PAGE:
bid him curse David. And who is he that shall dare say: Why hath he done so? And the king said to Abisai, and to all his servants: Behold, my son, who came forth from my bowels, seeketh my life. How much more now a son of Jemini? Let him alone that he may curse as the Lord hath bidden him. Perhaps the Lord may look upon my affliction, and the Lord may render me good for the cursing of this day. And David and his men went by the way. And Semei by the hill’s side went over against him, cursing, and casting stones at him, and scattering earth. [2Kg (Sm) 16.7-13] St Gregory 3 says, "If anyone is the victim of insulting words, and is hard put to it to keep his
patience, let him call to mind the behaviour of David, when Semei was hurling abuse, and his armed officers were eager to take revenge. He said, What have I to do with you, sons of Sarvia?
and a little later, Let him alone and let him curse as the Lord has commanded him. These words show that when he was forced to flee from his rebellious son because of his sin with Bethsabee,
he recalled the evil he himself had done; and he reckoned the insulting words not as an attack, but as an aid whereby he judged he might be cleansed and find mercy. We too will find it a good
thing to bear abuse, if in the secrecy of our hearts we recall the bad things we have done. The injuries that afflict us will then seem light indeed, compared with the worse things we have deserved. So let it be that we repay insults with thanks, rather than with anger; for by accepting them as the judgement of God, we are spared worse penalties."
8. There follows, fifthly, Give; and it shall be given to you. There is a concordance to this in the second book of Kings where it says that
Machir, his son Ammihel, and Berzillai the Galaadite brought David beds, and tapestry, and earthen vessels, and wheat, and barley, and meal, and parched corn, and beans, and lentils, and fried pulse, and honey, and butter, and sheep, and fat calves. [2Kg (Sm) 17.27-28]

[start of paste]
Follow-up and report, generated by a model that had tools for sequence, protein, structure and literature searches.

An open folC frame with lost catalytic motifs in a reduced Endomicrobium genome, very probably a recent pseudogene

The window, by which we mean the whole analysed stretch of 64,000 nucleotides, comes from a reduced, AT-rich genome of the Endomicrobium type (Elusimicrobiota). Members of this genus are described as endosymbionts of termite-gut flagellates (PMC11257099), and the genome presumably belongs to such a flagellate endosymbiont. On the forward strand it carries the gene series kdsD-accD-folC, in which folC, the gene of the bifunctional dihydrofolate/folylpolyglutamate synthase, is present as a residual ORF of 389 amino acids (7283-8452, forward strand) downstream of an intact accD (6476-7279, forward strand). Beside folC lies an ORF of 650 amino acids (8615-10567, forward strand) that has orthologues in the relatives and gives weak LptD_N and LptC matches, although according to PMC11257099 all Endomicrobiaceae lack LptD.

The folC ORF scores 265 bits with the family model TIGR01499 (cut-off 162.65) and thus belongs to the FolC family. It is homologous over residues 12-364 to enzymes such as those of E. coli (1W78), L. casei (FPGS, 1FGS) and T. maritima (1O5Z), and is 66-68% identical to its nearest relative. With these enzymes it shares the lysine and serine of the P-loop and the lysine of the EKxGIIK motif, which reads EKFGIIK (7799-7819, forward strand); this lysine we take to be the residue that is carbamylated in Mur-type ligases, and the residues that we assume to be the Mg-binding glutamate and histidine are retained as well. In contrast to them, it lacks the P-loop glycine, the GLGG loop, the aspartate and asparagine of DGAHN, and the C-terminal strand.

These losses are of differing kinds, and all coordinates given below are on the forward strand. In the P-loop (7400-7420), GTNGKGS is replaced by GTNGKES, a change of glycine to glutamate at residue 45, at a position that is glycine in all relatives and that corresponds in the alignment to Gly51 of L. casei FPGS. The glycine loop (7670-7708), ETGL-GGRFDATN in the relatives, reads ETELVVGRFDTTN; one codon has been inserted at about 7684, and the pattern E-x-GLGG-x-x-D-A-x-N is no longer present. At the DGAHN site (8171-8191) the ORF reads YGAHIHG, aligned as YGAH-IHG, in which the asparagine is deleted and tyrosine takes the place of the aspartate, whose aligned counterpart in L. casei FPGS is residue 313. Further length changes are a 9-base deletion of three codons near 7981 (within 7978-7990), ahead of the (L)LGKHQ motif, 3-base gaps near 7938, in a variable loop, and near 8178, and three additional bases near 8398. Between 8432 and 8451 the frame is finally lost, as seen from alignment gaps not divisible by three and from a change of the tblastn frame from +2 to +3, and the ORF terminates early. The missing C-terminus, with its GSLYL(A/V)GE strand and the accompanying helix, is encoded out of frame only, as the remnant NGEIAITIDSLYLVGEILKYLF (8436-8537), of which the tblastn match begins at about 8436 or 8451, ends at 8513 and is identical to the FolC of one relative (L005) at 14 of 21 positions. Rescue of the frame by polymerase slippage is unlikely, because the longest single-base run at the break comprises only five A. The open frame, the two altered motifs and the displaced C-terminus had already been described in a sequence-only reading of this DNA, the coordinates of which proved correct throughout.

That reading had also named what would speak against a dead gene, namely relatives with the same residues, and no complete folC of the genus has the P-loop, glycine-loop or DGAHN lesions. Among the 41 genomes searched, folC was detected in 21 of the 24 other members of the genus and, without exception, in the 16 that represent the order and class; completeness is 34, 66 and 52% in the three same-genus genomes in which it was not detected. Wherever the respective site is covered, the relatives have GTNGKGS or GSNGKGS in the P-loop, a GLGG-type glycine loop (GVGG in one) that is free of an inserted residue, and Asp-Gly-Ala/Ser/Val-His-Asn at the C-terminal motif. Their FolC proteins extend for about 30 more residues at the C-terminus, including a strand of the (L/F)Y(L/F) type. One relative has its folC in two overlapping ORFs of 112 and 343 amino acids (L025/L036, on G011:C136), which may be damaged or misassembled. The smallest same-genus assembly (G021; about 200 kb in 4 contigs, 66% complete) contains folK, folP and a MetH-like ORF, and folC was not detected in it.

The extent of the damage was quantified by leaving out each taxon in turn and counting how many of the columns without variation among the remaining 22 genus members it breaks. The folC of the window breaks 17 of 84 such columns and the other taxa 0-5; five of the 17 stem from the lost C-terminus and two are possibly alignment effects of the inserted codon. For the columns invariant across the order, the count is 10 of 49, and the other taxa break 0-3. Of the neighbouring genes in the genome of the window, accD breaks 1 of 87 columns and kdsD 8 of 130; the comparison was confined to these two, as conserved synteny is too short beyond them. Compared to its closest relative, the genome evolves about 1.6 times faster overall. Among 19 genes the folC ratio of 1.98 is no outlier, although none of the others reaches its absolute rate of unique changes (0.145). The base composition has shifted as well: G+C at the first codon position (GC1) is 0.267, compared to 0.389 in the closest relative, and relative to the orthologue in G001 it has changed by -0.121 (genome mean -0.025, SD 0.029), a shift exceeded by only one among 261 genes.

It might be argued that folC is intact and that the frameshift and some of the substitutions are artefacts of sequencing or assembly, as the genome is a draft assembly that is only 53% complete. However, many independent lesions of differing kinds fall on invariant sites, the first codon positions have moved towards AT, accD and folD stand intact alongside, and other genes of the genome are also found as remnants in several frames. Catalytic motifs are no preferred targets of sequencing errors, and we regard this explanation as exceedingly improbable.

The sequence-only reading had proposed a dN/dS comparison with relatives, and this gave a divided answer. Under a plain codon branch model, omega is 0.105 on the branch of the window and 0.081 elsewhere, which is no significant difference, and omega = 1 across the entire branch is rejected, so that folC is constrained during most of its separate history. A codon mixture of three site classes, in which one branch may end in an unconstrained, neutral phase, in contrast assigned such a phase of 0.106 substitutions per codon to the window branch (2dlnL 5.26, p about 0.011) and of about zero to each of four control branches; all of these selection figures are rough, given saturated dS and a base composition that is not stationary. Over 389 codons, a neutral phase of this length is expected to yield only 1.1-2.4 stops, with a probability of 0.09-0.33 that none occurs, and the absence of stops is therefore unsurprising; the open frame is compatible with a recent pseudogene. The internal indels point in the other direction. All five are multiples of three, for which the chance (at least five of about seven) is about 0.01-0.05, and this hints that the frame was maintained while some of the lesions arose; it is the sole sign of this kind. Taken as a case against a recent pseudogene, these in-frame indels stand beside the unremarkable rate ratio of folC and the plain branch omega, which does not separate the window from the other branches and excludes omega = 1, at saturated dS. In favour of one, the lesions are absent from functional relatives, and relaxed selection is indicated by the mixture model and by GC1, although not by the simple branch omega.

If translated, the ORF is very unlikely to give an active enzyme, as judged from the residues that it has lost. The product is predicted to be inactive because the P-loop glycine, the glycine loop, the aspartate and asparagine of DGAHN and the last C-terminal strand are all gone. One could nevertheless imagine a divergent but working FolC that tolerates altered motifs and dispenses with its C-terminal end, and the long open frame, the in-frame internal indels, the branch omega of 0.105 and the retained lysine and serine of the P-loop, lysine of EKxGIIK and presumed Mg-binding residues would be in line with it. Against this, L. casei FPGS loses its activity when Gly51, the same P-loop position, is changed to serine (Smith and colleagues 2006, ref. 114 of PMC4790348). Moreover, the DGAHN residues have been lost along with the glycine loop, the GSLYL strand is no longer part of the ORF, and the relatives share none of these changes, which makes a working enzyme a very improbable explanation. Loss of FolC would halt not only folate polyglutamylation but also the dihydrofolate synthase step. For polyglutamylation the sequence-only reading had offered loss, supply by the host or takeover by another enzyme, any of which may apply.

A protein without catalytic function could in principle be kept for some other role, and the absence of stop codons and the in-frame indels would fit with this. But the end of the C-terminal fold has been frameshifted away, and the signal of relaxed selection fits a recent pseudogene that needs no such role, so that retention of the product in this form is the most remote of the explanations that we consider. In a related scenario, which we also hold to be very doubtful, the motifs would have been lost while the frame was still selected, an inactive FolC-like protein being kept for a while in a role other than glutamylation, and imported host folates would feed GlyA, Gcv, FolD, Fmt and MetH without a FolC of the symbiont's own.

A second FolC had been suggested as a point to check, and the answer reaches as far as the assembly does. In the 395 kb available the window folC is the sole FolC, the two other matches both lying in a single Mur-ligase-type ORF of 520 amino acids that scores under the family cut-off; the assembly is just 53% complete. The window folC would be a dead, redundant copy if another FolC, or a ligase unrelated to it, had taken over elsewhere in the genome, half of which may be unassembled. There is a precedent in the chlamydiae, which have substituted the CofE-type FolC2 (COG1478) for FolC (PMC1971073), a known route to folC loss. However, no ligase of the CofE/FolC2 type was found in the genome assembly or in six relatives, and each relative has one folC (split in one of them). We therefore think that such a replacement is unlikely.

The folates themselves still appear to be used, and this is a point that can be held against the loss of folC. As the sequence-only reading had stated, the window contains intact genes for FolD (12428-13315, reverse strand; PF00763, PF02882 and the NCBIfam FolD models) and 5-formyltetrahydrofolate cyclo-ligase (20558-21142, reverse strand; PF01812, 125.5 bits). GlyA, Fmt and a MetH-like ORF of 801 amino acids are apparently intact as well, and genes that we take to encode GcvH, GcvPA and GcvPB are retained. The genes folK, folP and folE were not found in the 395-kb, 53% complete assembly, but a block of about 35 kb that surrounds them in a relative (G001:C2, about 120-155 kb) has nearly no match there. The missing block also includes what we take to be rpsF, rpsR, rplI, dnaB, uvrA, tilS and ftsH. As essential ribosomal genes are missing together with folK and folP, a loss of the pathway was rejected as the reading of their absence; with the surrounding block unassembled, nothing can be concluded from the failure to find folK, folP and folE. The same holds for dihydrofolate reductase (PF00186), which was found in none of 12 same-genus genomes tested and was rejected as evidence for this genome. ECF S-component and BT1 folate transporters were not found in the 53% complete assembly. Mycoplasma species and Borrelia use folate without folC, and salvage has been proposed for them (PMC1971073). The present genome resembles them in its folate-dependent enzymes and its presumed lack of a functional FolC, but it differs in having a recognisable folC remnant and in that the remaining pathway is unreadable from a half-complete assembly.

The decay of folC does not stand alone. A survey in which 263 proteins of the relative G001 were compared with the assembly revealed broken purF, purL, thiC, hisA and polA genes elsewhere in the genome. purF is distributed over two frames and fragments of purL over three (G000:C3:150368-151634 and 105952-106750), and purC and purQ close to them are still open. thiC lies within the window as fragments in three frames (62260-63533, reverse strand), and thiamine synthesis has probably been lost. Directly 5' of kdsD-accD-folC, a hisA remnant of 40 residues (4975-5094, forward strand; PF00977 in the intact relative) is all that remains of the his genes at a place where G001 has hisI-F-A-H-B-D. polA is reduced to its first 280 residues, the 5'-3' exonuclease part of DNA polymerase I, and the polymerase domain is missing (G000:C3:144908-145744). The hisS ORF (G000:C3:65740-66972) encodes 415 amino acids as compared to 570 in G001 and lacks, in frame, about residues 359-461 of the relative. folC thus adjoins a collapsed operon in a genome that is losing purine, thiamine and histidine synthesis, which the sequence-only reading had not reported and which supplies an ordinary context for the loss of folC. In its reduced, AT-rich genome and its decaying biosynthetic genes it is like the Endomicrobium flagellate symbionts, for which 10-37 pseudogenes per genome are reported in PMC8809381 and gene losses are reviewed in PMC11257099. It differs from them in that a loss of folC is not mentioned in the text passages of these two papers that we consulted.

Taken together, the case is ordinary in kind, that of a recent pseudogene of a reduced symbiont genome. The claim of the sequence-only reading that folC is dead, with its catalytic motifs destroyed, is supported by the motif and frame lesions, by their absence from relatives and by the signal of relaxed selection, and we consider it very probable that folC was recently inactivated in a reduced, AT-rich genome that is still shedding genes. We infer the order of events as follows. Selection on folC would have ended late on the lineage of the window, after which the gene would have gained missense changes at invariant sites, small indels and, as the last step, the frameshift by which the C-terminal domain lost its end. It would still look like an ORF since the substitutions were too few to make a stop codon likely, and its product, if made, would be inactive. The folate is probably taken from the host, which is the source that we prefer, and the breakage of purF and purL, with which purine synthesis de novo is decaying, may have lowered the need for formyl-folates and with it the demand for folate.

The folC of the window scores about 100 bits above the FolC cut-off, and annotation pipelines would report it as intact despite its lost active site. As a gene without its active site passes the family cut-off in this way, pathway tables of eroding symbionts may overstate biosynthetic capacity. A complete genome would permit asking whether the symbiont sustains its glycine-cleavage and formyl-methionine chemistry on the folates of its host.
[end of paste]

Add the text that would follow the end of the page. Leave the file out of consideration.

There is your Give: let us hear the It shall be given: King David said to Berzillai: Come with me that thou mayest rest secure with me in Jerusalem. [2Kg (Sm) 19.33] Let us see the moral significance of this. Machir means ‘seller’, Ammihel is ‘people of God’, Berzillai is ‘my strength’ and Galaad is ‘mound of witness’. These three men stand for all penitents, who sell what they have and give to the poor; who are the people of God whom the Lord has chosen as His inheritance [cf. Ps 32.12]; and who in the strength of good works overcome the assaults of the ancient enemy. In them is heaped up the witness of the Lord’s Passion. These give Christ beds for sleepers, the quiet of a pure conscience in which Christ rests with the soul; tapestries of different colours, the various virtues; earthen vessels, themselves, as they humble themselves and recognise that
they are frail and made of clay; wheat, the teaching of the Gospel, and barley, the teaching of the Old Testament; meal, confession made of the tiniest circumstances of all their sins; the parched corn of patience, the beans of abstinence and the lentils of self-contempt; the fried pulse of compassion for others, the honey and butter of the active and contemplative life; the sheep of innocence and the fat calves of the mortification of pampered flesh. If you give these
things, it shall be given to you to hear the true David say: Come with Me that thou mayest rest secure with Me in the heavenly Jerusalem.
Note these four expressions: come, rest, secure with me, in Jerusalem. These four correspond to the four things we sing of in the Introit of today’s Mass: The Lord is my Light and my Salvation; whom shall I fear? The Lord is the Protector of my life; of whom shall I be afraid? My enemies that trouble me have themselves been weakened, and have fallen.] [Ps 26.1-2] [The Lord is my Light and my Salvation] is concordant with the word Come; you cannot come